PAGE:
Q&A with Governor Whitmer


Two out of the three Editor in Chiefs had the privilege and pleasure of meeting Governor–and FHC alumni–Gretchen Whitmer on Wednesday. They, along with Hawk Herald editors and various news anchors, gathered around Whitmer and asked a few questions rapid-fire style. Guess which ones Abby and Ashlyn asked.

What was your response to President Trump coming out about vaping today?

“I was thrilled. I took a lot of heat from some when I came out with the ban last week, got a lot of praise from others, but I am absolutely convinced this is the right thing to do and am awfully glad that the Trump administration agrees.”

Do you think he’ll follow through with it?

“I hope so. The information is compelling about what it means for our kids’ safety, and his own surgeon general was one of the first to say, ‘hey, we’ve got a public crisis, here,’ so I think this is a very positive step, and I hope that people really take the moment to get educated about the dangers of this flavored vaping.”

You mentioned in your [speech] that the legislature took their summer break. What is your frustration level right now with the legislature and the clock ticking for the budget?

“I introduced the budget six months ago, right. We’ve had all this time that we could have been negotiating, and they took the summer off. I was in Lansing working all summer. Now, we have a very compressed timeline. There are always, you know, pull-ups that happen when a budget passes. They’ve left us very little room for negotiation here. I’m very confident we can work day and night to get this done, and my team and I are doing that, but it is unnecessary that we are in this position.”

How do you believe that FHC prepared you for your role as governor?

“You know, FHC was a really phenomenal place to grow up. I grew up in the Cascade part of the district. I had so many different opportunities; I got my first taste of broadcasting doing the news every morning when I was a senior in high school here. It really gave me the confidence and intellectual curiosity that has helped me navigate my way to being governor.”

Previously you said that you would not pass a budget that didn’t include funding for the roads. Now, you’re agreeing with the Republican-controlled legislature and are passing a budget that does not include long-term road funding. Why did you flip on this commitment to Michiganders?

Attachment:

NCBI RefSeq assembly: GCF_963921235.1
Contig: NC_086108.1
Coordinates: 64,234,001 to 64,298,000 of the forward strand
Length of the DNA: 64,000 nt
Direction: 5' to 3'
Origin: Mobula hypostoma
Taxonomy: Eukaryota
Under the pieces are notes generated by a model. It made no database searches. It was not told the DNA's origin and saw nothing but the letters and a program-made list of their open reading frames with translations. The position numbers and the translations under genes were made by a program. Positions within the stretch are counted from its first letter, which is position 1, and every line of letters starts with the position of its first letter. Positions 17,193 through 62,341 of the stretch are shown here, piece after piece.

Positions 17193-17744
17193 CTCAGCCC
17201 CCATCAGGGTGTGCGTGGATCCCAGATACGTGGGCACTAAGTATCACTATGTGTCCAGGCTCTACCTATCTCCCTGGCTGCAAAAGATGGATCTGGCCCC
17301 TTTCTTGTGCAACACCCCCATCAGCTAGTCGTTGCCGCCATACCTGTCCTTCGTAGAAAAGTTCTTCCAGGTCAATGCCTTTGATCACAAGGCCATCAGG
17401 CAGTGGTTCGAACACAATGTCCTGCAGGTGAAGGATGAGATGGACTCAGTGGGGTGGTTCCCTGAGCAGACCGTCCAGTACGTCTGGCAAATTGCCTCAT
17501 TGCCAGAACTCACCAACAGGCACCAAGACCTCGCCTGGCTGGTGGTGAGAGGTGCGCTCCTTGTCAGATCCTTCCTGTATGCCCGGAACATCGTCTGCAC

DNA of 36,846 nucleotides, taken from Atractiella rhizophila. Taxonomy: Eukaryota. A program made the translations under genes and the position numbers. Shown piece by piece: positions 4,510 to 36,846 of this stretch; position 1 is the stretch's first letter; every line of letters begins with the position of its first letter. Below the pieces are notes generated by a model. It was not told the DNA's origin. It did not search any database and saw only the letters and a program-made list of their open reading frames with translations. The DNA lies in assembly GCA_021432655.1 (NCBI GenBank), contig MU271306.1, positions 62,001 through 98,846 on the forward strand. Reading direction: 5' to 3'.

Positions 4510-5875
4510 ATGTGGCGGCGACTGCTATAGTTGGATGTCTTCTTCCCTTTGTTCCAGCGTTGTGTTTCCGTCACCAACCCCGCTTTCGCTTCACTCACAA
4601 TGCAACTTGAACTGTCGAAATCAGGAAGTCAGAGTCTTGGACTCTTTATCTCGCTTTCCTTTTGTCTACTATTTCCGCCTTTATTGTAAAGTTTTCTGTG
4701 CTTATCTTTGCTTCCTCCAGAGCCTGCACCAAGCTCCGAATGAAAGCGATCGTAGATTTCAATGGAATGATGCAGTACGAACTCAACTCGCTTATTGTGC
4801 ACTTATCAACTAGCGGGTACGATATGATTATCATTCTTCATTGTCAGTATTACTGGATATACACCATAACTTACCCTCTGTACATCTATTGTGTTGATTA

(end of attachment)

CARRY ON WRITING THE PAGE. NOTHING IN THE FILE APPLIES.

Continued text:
“So, I said I wanted a budget that has a road solution in it. I think that the budget I wrote has a road solution and puts us in the position to prioritize education, cleaning drinking water, you know closing the skills gap in Michigan. And yet, the Republican legislature did not want to get serious about a real plan to fund the roads. They were running the clock out and putting everything else that we need to do in Michigan in jeopardy—the education of our young people to cleaning up our drinking water to taking care of our veterans. I’m not willing to put people’s lives in jeopardy because they’re not serious about getting a real road plan done at this time. But, we’re going to keep working on it. They have committed to do that; our work has yet to come, but we’re not done.”

Many have voiced their concerns about the emergence of the black market for flavored nicotine products. What are your thoughts on this?

“An interesting thing happened today. The president decided to also embrace the ban on flavored vape products. While I was the first and made Michigan the leader, we’re now seeing the state of New York following getting these dangerous products out of the marketplace.”

When you were a student at FHC did you know you wanted to go into this field?

“I had no idea. I thought I was going to be a sports broadcaster. [I] went to Michigan State, worked in the football office, was in a communications program and I did an internship at the capital and kind of became enamored with public policy and debate and politics. I never knew that was going to be my path.”